Long Island’s North Fork Loves Merlot – But Do the Two Want to Get Married?
Opinions differ on how closely the AVA should identify itself by its top varietal – or whether it should emphasize diversity.
June 30, 2009
Just as the dominant crop in Napa Valley half a century ago was prunes, it wasn’t until 1973 – the same year the U.S. was quitting Vietnam, an oil crisis was raging and Watergate was in the news – that the first commercial vineyard on Long Island was planted by Alex and Louisa Hargraves, just up the road from Shinn
But having proved that the North Fork can make excellent wine and sell enough of it to pay the bills, the appellation is now asking whether it should brand itself with a dominant grape the way that Burgundy did with Pinot Noir, Argentina with Malbec, Northern Rhône with Syrah, New Zealand with Sauvignon Blanc and Napa Valley with Cabernet Sauvignon.
Should North Fork now link itself more closely with Merlot, in order to gain an easily recognizable identity? After all, plantings of the grape make up about a third of all the area’s vineyard cultivation, it ripens well in this cool climate, and it wins lots of medals at wine competitions
Yes, say some. Not so fast, say others.
The North Fork of Long Island is a skinny peninsula about 30 miles long and never more than a few miles wide, paralleling the Connecticut shoreline across Long Island Sound and separated from its southern fork, The Hamptons AVA, by the Peconic Bays.
Winter vine damage is rare, as is frost, although it can occur. Fruit pillaging by song birds, a perpetual East Coast problem, necessitates netting vine rows at most vineyards.
“Over a 30-year period, the North Fork has an average growing season of about 210 days versus 185 in the Hamptons,” says Richard Olsen-Harbich of Raphael, who shepherded these two AVAs, as well as the more-general Long Island appellation, into reality, “and North Fork also has about 400-500 more growing degrees days that the Hamptons.” Thus, he concludes, “Because of the longer growing season and the degree days, the North Fork is better for growing Bordeaux reds.” And no Bordeaux grape ripens more fully and more regularly than Merlot.
For that reason, more than 30 percent of all grapes – red and white – on the North Fork are planted to Merlot, and, according to Donnell Brown, director of the Long Island Merlot Alliance, “There are only three [North Fork] wineries that don’t plant Merlot.”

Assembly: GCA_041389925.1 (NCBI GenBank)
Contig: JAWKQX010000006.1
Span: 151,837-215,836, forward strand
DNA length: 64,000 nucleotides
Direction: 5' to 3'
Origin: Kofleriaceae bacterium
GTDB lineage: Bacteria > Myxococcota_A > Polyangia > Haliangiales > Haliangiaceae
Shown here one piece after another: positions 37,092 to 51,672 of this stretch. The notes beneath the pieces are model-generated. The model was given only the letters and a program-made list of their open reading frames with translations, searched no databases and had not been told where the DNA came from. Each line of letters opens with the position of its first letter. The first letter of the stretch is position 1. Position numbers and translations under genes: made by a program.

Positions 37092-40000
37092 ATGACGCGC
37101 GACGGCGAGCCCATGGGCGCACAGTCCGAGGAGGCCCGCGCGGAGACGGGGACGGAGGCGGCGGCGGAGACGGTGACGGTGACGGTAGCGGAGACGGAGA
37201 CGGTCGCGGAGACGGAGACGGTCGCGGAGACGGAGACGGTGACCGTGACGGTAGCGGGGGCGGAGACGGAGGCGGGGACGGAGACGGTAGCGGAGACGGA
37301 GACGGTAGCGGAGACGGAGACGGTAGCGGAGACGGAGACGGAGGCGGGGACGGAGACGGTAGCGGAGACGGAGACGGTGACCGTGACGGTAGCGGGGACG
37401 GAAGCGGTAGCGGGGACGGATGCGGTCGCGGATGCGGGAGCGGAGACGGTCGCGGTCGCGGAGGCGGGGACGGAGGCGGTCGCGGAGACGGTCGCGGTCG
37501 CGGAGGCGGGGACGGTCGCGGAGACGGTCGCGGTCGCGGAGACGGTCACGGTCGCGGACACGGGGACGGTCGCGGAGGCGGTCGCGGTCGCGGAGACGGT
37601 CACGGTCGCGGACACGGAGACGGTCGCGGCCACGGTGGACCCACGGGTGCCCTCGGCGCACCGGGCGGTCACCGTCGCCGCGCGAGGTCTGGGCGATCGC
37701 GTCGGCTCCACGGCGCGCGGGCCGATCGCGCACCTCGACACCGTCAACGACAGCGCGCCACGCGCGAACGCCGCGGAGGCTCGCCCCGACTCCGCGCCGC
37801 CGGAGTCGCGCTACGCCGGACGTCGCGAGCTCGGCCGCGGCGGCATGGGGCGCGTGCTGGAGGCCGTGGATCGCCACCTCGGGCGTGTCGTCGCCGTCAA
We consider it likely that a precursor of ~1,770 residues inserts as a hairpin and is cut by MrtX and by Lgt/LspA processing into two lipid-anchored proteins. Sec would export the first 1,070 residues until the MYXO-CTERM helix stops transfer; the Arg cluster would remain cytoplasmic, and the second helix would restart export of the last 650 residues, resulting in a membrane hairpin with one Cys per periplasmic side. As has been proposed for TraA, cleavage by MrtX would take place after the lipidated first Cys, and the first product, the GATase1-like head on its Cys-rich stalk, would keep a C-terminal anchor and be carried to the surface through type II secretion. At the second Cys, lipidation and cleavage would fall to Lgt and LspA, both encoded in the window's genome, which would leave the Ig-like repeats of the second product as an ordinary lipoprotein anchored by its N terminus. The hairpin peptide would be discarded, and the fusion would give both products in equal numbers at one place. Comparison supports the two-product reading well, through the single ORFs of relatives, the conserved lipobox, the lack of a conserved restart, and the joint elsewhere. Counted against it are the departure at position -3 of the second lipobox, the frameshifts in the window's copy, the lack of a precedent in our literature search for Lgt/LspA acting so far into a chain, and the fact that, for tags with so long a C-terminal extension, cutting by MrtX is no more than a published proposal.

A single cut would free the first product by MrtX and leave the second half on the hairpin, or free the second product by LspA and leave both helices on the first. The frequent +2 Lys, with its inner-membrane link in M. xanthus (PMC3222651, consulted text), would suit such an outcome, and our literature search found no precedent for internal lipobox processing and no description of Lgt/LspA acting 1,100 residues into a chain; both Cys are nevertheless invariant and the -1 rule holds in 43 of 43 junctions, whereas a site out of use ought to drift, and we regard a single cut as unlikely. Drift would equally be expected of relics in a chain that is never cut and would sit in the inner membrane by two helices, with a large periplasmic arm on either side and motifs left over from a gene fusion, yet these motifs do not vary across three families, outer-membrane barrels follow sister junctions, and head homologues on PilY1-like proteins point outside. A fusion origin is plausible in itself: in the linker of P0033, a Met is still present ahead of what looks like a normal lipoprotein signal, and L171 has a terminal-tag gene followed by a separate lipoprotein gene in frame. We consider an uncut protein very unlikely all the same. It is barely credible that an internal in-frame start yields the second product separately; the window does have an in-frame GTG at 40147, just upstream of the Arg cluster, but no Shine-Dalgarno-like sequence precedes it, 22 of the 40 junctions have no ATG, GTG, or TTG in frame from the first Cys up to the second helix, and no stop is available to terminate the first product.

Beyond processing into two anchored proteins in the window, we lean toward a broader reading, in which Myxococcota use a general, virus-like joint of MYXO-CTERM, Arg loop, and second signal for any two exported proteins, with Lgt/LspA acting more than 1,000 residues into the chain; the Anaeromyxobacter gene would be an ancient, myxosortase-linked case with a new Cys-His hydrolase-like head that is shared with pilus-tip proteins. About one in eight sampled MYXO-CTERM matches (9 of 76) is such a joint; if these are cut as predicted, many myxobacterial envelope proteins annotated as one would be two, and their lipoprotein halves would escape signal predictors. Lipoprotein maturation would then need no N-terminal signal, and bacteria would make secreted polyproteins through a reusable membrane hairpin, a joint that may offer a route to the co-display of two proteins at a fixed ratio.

Roman Roth is winemaker and manager at Wölffer Estate in the Hamptons, which grows its own grapes but also buys tonnage from the North Fork, including varietals for Roth’s own label, Grapes of Roth. He is a big fan of Merlot. “Merlot is such a great variety for Long Island,” he says. “It’s more forgiving than Cabernet Franc, and it ripens better than Cabernet Sauvignon. Yes, you can make Bordeaux blends, but Merlot is almost always the base.”
Wölffer is one of six wineries that are part of the Long Island Merlot Alliance, founded in 2004 to conduct research projects on the grape and to promote it regionally. They are currently making plans for an annual Merlot festival on North Fork. Additionally, the Alliance produces and markets for sale its own Merlot blend – Merliance – using best lots provided by the winemakers. In addition to Wölffer, the other wineries in the alliance are Clovis Point, Pellegrini, Raphael and Sherwood House, all on the North Fork.
Michael Croteau says he built his Croteaux Vineyards “concept” winery on a Merlot base, but with a more Provençal orientation than a Bordeaux one. “I didn’t want to do what everyone else was doing,” says the marketing expert and graphic artist who has designed many North Fork labels. “We’re serious beach people, if not serious wine people, so I decided to make a line of rosés.”
His delightful rosés are named after the three numbered Merlot clones from which each is made – Croteaux 3, Croteaux 141 and Croteaux 314. “We can make consistent rosé year in and year out,’ he says, “because we pick early.” Using this approach, rather than the traditional saignée method where juice is bled off fully-matured grapes, the wines can emphasize fruit and acidity rather than higher alcohol and sweetness.
Shinn Estate also grows several clones of Merlot – 1, 3, 8, 12, 181 and 347 – that take up about half of its total acreage in vines. The rationale for planting various clones is not necessarily trying to find the right one, but rather to
Still, as Roth notes, “not everyone wants to put their eggs in one basket.” Some growers question whether the quality of North Fork